Many parents look forward to their child’s first toothy grin, but teething can also be a source of stress — and a plethora of questions. There’s a lot of misinformation out there, both in terms of symptoms and remedies. Even the experts can’t agree on everything.
According to Dr. Maria Hernandez-Reif, a child development professor and the director of the Pediatric Development Research Lab at the University of Alabama, “Research in infant teething suggests that more research needs to be done.” In short, while there are a lot of unknowns about the eruption of first teeth, you can still help your baby feel more comfortable.
Here are eight little-known facts research has shown and that every new parent should know:
- Common “Symptoms” May Be Caused By Illness
Many people (including health professionals) attribute symptoms, such as a low-grade fever, diarrhea and a runny nose, to cutting teeth. However, one “Pediatrics” journal study shows no direct causation. Experts don’t all agree about whether teething causes fevers. According to Dr. Jill Lasky, a pediatric dentist, these symptoms are actually caused by illnesses. “When a child teethes, little tears occur in the gum as the tooth erupts. These tears are gateways for bacteria and viruses to enter your child’s body and make her ill,” she says.
For more on symptoms, read Teething Symptoms in Babies.
- Excessive Drooling Isn’t Normal
Parents also believe that cutting teeth causes drooling — and a lot of it. However, according to Diane Bahr, a speech-language pathologist and the author of “Nobody Ever Told Me (or My Mother) That!,” “Mild drooling is usually a part of the teething process, but excessive drooling is never normal.” Don’t write off excessive drooling — get it checked out by your pediatrician, as it could indicate something more serious.
- First Teeth Can Erupt Between 3 to 14 Months
Parents usually expect their baby’s first tooth to come in when baby’s between 4 and 6 months old. However, according to Dr. Lasky, there’s a much wider range for first teeth. An early teether may get his first tooth as early as 3 months old, while a late bloomer may not see his first white cap until 14 months. “It doesn’t have anything to do with baby’s health or development — it all comes down to family history,” says Lasky.
- Babies Need to Bite and Chew to Cut Teeth
All that mouthing and biting your little one does prior to cutting a tooth serves a purpose. According to Bahr, “Appropriate mouthing experiences allow teeth to emerge on time, in a proper sequence and fully formed.” Through clinical experience, Bahr has seen that chewing seems to be crucial for tooth eruption, so let your little one chew until her heart’s content.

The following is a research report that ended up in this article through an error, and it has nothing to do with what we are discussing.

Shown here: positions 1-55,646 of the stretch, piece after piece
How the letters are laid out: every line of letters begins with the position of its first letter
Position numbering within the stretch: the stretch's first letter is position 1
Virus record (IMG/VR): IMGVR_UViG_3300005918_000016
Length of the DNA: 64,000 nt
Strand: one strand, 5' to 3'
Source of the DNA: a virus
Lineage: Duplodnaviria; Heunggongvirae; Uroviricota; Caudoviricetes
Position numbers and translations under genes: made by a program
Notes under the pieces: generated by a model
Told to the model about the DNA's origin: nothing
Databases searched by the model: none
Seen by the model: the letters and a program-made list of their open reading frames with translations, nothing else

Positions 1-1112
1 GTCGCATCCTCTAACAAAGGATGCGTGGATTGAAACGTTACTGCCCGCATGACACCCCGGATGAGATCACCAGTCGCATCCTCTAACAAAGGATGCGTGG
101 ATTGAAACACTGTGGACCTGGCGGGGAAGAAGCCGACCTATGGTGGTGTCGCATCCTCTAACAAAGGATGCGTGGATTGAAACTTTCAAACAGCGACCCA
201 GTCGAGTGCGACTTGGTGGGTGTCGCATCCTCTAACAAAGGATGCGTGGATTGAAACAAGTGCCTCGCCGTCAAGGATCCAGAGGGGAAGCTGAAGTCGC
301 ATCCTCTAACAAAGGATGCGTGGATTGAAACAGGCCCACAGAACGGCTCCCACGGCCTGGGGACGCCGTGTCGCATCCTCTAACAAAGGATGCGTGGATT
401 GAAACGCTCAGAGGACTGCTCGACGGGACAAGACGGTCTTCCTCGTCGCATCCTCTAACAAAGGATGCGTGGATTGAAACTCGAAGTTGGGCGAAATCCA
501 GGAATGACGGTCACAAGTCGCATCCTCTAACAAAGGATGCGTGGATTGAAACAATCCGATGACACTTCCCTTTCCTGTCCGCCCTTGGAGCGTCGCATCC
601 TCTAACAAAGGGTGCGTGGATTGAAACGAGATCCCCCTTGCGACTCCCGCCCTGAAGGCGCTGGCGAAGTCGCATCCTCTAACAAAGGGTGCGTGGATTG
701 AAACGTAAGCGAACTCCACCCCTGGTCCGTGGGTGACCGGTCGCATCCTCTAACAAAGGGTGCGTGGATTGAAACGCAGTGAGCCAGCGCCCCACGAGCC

- Some Toys Are Better Than Others
On a similar note, Bahr says that a lot of the toys on the market today aren’t actually the best for your baby’s teeth. “Babies need to chew on all surfaces of the mouth — not just the front — and a lot of toys are just too big,” says Bahr. Instead, look for toys large enough so your baby won’t swallow or choke on them, but small enough so she can move the toy safely around her mouth.
- Breast Milk May Help Pain
Mothers are often concerned about how the eruption of baby teeth will affect their nursing relationship. According to Dr. Hernandez-Reif, breastfeeding provides one of the best methods of pain relief out there. “Breast milk has been shown to have analgesic, relaxing and immune properties. It’s also very soothing for infants to nurse,” she says. Additionally, babies can’t bite when latched on properly.
- Don’t Use Teething Gels
Contrary to popular belief, don’t use teething gels to help soothe your little one’s sore gums. “Topical numbing gels are not recommended for infants and young children,” says Dr. Lasky. In fact, the U.S. Food and Drug Administration warns against using benzocaine for children under 2 years of age as it can lead to a rare but serious condition called methemoglobinemia, a blood disorder in which the hemoglobin cannot effectively release oxygen in the body.
- Watch Out For Pointy Teeth
Dr. Lasky also warns parents that their baby’s new, emerging teeth are sharper than they may think. “Avoid using rings with liquid or gel inside. An erupting tooth can pierce the plastic and your child can ingest unknown, perhaps harmful, chemicals within,” she says. Likewise, parents should avoid using frozen foods for pain relief. Your baby’s sharp teeth could cut off a chunk of food, causing her to choke. Instead, wet a clean washcloth, place it in the freezer until cold and give it to your baby to chew.
Rebecca Desfosse is a freelance writer specializing in parenting and family topics.
* This article is for general informational purposes only. It is not intended nor implied to be providing medical advice and is not a substitute for such advice. The reader should always consult a health care provider concerning any medical condition or treatment plan. Neither Care.com nor the author assumes any responsibility or liability with respect to use of any information contained herein.